Unstructured data are particularly valuable for research because they can map human life and behaviour in everyday life. Since the data are generated in an uncontrolled manner and do not have a fixed data format, this gives rise to specific sources of error that may differ from those of classic survey studies. In its handout, the German Data Forum draws attention to the challenges of collecting, processing, and analysing unstructured data. Students and researchers in the social, behavioural, and economic sciences are made aware of possible sources of error and can draw conclusions for their own work.
Total Error Framework (TEF) for Big Data as the basis for the handout
Based on the TEF for Big Data, a working group of the German Data Forum developed guiding questions on potential sources of error in scientific work with unstructured data. These questions were discussed at a workshop with experts from various disciplines. Based on the results, the German Data Forum describes the challenges in collecting and using unstructured data and creates a basis for quality standards.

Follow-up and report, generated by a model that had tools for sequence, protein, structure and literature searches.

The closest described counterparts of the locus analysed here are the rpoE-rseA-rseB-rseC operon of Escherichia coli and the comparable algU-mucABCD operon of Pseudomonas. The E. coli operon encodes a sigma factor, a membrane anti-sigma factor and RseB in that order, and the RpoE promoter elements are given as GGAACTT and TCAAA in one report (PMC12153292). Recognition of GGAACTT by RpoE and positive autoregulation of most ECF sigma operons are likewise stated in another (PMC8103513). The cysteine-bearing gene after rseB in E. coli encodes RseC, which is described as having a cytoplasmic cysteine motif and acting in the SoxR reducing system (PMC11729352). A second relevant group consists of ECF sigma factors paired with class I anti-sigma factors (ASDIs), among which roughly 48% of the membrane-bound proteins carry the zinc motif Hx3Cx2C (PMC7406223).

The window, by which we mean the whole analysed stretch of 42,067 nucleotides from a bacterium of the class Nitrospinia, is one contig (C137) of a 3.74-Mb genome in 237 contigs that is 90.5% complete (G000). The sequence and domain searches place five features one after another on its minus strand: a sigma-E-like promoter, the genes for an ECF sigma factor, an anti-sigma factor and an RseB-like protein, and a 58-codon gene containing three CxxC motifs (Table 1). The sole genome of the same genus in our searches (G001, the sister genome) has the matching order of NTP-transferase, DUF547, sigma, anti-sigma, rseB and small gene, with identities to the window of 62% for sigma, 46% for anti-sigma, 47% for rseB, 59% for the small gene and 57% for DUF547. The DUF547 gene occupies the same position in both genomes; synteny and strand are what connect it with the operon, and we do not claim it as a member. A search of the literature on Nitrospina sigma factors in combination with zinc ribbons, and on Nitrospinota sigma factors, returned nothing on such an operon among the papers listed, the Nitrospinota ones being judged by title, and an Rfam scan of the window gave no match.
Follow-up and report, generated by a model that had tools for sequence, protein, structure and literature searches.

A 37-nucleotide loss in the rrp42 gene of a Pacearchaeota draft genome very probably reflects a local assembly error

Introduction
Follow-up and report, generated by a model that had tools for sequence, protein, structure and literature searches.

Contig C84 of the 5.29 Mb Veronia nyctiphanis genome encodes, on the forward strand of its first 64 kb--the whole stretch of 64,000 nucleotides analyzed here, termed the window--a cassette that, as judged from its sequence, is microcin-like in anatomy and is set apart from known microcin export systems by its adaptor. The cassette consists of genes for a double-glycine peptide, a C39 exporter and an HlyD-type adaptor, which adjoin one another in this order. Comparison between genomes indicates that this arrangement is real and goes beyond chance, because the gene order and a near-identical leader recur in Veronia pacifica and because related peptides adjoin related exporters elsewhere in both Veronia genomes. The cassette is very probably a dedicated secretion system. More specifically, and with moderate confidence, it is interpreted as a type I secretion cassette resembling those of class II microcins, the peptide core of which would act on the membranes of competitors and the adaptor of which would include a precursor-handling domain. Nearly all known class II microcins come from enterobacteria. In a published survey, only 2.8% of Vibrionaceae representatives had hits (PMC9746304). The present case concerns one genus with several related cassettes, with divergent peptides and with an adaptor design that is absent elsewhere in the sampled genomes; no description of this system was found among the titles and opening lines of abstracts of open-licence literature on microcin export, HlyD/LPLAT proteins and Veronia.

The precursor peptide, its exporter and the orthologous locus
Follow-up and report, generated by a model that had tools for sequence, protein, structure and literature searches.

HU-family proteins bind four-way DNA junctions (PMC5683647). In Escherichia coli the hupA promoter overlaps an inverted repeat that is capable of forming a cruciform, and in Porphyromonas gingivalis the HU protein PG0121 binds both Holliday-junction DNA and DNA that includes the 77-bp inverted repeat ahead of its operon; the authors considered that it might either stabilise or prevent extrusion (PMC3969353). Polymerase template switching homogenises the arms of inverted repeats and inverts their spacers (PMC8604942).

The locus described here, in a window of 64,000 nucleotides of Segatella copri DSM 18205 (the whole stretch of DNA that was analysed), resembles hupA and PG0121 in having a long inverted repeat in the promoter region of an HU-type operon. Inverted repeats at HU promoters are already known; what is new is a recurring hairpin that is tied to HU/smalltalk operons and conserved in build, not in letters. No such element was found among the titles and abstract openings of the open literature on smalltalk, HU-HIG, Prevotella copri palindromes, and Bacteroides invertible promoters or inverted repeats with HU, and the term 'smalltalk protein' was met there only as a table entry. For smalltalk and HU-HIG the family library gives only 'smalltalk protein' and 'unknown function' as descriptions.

The complete publication is available for free download on the German Data Forum website: https://www.konsortswd.de/en/publication/unstructured-data/
The German Data Forum (RatSWD) advises the federal government and the governments in the federal states on expanding and improving the research data infrastructure for the empirical social, behavioural and economic sciences since 2004. The German Data Forum (RatSWD) is made up of ten elected representatives from the social, behavioural, and economic disciplines who work together with ten representatives from key data producers.
The German Data Forum (RatSWD) is part of the Consortium for Social, Behavioural, Educational, and Economic sciences (KonsortSWD) in the National Research Data Infrastructure (NFDI). It acts as an institutionalised forum for dialogue between science and data producers, as well as developing recommendations and opinions. It is committed to supporting an infrastructure that enables sciences to have broad, flexible, and secure data access. These data are provided by state, science-based, and private-sector actors. The German Data Forum (RatSWD) has currently accredited 42 research data centres and encourages their cooperation.